So, the Geriatric Poodle has been on anti-senility drugs for about two weeks now. Anti-senility drugs that run $99 a month.
He weighs 12 pounds. So, that figures to a little less than 28 cents per pound of not crazy dog per day.
See? I’m totally justifying the $99 monthly bill. Twenty-eight cents is the money you’d throw in the bottom of your purse and forget about! Isn’t a life partner’s sanity worth the change in the bottom of your purse?
So, he seems to be a little more with-it as of late. He still wanders around somewhat aimlessly, but he has managed to do new things like find his way off the deck.
Score one for the expensive drugs. Having a poo-free deck is a value-add.
Geriatric Poodle wanders around the yard, and he seems to be happy doing it. Usually, he runs the perimeter, following the fence line and getting about 27 leaves caught in his fur. Good times.
This morning, however, I looked out the kitchen window to find my sweet boy walking in a circle – a circle of about two feet in diameter.
He wasn’t chasing his tail. He was walking. Exploring, really. In a two-foot circle.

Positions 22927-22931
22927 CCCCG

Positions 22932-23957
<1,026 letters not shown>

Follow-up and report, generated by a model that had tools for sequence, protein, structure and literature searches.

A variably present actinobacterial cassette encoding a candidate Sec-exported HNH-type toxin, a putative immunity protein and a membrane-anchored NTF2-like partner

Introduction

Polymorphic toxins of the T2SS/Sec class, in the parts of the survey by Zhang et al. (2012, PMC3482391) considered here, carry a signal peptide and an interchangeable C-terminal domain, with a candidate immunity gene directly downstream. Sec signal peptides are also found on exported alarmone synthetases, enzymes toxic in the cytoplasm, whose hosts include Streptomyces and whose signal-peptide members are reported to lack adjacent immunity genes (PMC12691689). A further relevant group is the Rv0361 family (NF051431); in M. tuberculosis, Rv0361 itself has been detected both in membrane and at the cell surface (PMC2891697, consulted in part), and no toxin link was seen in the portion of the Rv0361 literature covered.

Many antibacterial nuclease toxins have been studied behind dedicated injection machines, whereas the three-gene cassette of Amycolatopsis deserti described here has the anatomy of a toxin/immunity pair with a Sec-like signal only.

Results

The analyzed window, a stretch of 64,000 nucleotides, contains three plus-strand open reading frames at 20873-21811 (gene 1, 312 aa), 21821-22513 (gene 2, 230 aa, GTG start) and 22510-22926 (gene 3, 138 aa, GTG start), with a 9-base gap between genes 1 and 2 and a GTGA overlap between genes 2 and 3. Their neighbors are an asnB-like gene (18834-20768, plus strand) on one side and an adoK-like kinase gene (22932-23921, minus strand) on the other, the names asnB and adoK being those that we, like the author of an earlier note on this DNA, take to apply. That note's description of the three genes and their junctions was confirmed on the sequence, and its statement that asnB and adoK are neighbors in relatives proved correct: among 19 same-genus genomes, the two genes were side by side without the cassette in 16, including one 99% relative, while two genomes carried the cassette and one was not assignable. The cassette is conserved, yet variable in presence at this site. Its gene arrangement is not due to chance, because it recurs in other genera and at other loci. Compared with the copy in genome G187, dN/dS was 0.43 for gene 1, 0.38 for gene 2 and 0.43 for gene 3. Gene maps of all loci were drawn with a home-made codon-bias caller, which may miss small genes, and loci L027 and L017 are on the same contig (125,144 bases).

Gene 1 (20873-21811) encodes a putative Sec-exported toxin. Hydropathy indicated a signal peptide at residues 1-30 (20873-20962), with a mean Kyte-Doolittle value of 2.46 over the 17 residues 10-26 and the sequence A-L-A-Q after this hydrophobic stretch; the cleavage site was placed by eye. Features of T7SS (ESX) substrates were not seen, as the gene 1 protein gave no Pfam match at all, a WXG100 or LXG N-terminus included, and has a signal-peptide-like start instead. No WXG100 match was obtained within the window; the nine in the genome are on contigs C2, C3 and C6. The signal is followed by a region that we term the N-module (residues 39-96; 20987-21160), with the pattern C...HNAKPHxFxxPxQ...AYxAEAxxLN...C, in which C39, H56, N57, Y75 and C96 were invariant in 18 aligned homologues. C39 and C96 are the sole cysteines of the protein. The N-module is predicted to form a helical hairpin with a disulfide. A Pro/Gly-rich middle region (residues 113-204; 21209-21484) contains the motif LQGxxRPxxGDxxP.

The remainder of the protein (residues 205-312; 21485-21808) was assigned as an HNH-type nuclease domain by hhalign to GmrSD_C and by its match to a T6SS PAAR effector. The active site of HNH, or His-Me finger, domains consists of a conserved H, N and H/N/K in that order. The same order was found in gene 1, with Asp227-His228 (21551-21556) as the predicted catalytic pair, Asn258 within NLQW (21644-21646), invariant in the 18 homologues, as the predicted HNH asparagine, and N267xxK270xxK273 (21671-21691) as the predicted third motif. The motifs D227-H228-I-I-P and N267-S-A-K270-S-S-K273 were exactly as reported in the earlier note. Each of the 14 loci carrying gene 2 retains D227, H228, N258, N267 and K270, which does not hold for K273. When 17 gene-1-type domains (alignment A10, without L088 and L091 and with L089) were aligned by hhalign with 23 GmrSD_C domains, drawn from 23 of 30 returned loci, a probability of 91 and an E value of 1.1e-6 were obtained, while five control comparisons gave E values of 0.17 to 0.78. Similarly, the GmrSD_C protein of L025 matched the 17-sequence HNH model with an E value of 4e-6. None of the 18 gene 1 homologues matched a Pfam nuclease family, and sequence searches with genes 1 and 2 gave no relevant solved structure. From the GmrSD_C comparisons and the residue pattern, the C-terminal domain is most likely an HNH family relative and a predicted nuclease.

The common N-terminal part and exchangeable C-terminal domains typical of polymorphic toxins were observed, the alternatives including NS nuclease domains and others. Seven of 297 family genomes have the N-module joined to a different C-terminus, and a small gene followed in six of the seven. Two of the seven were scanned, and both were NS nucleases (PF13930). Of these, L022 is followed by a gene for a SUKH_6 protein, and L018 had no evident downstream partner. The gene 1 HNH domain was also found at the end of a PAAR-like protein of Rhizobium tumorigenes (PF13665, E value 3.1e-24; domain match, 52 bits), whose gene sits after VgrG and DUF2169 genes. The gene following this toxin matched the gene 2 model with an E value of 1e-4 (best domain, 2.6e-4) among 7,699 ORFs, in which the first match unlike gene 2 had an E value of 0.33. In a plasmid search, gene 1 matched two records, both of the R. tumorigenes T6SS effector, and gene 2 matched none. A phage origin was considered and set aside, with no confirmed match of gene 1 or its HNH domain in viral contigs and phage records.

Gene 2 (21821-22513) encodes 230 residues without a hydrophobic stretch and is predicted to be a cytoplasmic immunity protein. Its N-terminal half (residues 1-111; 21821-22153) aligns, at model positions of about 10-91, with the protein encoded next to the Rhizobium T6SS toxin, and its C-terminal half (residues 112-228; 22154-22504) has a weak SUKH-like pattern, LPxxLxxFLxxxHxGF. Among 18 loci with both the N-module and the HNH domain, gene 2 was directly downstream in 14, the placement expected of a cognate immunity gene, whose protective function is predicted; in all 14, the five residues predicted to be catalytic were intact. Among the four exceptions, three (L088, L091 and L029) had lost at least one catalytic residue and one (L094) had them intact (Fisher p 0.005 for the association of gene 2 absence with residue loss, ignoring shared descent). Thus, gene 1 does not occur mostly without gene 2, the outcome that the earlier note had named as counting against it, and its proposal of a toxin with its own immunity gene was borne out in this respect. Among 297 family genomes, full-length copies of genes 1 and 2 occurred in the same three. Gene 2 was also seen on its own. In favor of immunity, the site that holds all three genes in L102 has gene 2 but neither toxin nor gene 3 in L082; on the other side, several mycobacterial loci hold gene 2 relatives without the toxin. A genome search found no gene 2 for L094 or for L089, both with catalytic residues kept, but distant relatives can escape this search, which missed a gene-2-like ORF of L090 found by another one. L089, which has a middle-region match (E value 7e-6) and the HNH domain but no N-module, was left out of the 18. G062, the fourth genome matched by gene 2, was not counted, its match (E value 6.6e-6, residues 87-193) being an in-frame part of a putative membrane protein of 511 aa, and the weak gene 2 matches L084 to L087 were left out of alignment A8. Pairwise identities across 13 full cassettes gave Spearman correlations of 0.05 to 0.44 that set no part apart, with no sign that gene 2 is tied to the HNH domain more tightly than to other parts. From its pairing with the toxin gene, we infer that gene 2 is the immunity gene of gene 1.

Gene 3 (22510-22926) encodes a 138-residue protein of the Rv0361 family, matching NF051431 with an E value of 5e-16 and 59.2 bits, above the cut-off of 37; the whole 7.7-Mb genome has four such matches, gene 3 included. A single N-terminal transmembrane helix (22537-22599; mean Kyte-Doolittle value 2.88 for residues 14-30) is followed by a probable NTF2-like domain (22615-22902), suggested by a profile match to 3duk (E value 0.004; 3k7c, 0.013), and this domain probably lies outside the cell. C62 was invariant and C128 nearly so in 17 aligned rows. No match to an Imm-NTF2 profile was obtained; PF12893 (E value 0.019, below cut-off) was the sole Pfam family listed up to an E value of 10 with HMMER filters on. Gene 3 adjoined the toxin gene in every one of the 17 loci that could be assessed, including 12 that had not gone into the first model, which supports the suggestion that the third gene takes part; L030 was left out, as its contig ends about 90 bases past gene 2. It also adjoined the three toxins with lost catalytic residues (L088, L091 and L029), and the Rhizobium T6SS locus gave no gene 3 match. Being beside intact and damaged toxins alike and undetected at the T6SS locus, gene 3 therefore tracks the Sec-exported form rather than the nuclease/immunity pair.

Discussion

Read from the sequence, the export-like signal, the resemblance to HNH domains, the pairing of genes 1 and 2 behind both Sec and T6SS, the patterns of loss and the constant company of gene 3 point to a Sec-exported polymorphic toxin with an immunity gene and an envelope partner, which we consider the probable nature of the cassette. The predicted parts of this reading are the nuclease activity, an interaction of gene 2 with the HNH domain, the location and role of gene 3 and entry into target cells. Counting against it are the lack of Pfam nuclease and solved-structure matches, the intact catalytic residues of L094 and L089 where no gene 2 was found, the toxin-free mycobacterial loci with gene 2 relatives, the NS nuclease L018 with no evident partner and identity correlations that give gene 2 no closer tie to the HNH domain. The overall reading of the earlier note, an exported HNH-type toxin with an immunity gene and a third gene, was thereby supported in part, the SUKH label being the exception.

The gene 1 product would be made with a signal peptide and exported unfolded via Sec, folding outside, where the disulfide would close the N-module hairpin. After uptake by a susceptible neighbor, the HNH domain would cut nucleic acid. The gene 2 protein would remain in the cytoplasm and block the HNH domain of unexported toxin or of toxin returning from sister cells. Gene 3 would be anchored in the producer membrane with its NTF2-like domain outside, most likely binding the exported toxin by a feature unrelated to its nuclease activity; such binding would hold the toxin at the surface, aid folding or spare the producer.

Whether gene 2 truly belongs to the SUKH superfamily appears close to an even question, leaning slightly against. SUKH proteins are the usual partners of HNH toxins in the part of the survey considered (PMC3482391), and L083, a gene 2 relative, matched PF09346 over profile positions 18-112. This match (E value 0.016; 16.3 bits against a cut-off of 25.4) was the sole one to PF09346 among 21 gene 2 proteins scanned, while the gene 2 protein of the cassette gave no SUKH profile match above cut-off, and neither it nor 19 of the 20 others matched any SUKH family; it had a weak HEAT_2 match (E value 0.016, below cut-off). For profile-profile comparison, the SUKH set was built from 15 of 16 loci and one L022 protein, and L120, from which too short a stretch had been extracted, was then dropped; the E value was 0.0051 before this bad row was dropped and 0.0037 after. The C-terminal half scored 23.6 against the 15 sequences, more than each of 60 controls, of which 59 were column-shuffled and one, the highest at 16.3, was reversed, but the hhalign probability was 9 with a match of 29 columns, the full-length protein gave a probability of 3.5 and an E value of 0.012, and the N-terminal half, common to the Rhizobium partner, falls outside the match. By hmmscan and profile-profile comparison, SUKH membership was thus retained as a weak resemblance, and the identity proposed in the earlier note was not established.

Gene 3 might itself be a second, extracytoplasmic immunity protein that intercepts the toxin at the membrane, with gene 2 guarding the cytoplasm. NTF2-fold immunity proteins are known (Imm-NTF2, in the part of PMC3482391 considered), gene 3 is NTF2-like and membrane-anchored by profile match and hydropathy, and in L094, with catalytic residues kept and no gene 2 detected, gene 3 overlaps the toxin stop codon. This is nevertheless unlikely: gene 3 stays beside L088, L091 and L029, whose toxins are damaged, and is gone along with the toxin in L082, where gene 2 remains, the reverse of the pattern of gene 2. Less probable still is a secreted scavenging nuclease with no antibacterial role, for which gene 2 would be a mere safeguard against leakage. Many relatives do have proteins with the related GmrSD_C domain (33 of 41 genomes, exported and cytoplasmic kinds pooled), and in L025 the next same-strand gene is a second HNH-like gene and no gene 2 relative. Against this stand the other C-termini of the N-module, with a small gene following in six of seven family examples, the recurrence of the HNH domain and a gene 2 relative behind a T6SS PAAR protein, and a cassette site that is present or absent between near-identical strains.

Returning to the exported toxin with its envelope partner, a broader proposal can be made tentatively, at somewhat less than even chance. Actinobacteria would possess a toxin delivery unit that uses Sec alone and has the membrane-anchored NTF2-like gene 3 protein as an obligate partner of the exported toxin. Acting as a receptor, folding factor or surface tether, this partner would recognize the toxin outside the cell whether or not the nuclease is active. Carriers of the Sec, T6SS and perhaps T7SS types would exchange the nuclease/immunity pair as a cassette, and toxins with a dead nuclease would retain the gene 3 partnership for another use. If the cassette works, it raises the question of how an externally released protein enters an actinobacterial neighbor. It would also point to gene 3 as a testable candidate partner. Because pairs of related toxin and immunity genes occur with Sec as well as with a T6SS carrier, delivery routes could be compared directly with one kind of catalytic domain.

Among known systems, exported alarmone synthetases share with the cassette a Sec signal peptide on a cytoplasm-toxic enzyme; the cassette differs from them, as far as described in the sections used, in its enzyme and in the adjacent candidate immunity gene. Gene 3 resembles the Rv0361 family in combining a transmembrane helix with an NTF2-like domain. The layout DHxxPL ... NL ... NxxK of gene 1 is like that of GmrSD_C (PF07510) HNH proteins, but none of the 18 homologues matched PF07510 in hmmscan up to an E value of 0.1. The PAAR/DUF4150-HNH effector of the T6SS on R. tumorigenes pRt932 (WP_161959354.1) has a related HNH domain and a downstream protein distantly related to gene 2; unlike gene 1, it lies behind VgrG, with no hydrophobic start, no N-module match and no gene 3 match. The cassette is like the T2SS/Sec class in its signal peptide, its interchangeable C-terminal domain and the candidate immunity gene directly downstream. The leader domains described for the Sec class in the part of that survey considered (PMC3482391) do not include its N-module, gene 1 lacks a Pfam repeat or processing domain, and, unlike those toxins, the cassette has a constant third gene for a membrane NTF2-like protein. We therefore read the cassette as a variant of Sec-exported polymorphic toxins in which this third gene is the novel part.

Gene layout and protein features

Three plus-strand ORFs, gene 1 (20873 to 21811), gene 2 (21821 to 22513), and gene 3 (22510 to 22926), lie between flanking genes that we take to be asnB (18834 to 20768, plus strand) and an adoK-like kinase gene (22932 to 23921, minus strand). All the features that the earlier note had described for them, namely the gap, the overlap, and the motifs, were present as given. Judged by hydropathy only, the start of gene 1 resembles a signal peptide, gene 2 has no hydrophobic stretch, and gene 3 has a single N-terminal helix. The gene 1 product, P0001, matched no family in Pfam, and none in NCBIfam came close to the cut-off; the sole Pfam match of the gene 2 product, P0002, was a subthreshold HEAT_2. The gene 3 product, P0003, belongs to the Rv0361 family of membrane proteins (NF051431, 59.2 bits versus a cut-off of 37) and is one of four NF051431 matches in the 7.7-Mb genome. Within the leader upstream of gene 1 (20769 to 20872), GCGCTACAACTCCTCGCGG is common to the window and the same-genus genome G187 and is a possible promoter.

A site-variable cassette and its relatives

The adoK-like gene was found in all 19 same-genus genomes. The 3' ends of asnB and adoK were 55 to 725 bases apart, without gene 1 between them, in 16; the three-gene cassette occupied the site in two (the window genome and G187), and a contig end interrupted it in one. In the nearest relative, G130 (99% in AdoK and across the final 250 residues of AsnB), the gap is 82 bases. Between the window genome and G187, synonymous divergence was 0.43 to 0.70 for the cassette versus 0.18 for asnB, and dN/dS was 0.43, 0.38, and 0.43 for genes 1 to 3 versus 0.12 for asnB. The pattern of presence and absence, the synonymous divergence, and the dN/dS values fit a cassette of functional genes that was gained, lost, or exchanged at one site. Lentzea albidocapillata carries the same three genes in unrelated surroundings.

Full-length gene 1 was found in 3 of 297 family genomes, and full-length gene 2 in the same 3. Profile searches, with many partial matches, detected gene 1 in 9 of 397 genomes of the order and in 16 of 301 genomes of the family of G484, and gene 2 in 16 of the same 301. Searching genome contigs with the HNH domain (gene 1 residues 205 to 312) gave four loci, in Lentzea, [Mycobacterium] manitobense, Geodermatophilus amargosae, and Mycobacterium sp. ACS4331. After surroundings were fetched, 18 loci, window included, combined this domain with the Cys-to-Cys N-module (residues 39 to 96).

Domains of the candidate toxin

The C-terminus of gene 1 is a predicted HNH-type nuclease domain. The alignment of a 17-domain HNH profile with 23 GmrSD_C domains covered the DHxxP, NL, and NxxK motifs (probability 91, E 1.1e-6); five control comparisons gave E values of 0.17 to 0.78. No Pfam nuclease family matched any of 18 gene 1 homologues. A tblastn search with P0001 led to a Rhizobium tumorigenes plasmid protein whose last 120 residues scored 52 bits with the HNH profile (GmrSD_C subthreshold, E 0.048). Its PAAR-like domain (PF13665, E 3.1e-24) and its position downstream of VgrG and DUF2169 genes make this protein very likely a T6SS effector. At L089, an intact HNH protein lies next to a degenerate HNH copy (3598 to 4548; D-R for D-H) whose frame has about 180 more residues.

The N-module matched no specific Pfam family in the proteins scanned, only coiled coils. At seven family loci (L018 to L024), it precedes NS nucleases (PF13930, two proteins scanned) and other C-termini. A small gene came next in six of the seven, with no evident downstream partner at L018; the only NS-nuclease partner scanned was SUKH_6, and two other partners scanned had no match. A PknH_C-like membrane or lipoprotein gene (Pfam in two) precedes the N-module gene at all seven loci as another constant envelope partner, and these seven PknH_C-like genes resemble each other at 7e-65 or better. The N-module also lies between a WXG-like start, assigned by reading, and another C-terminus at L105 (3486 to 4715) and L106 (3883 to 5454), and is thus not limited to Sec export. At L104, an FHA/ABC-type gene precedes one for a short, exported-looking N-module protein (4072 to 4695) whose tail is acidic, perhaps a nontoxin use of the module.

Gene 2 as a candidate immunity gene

He made himself dizzy and he fell down.
He got right back up and started walking in a circle again.
I called out to Mr. Wonderful to come have a look. “Do you think he had a stroke?”
About that time, Geriatric Poodle walked straight into the one tree in the yard.
Mr. Wonderful guffawed.
And then, the poodle was up and running again. Circle, circle, circle. The size of the circle varied a bit. That made me feel better. We decided that his tail was up and he was happy, so we’d just let him be.
I felt guilty for laughing. Really, really guilty. And then I laughed some more.
And then? About 20 minutes later, Lil’ Fluff found his way back up on the deck and to the door, where he barked and demanded to be granted entrée. Just like old times.
He’s happy. He’s confused, but he’s not hurting. And he finds joy in exploring outside. He finds comfort sitting on my lap.
My mom told me I need to face the music and realize that it’s time to help him go.
And then, I ran over her with my car.
Ok, not really. But part of me does want to reply that she should be thankful that I won’t put her down when she goes blind.
Please, God, may I be doing the right thing. With the dog, I mean.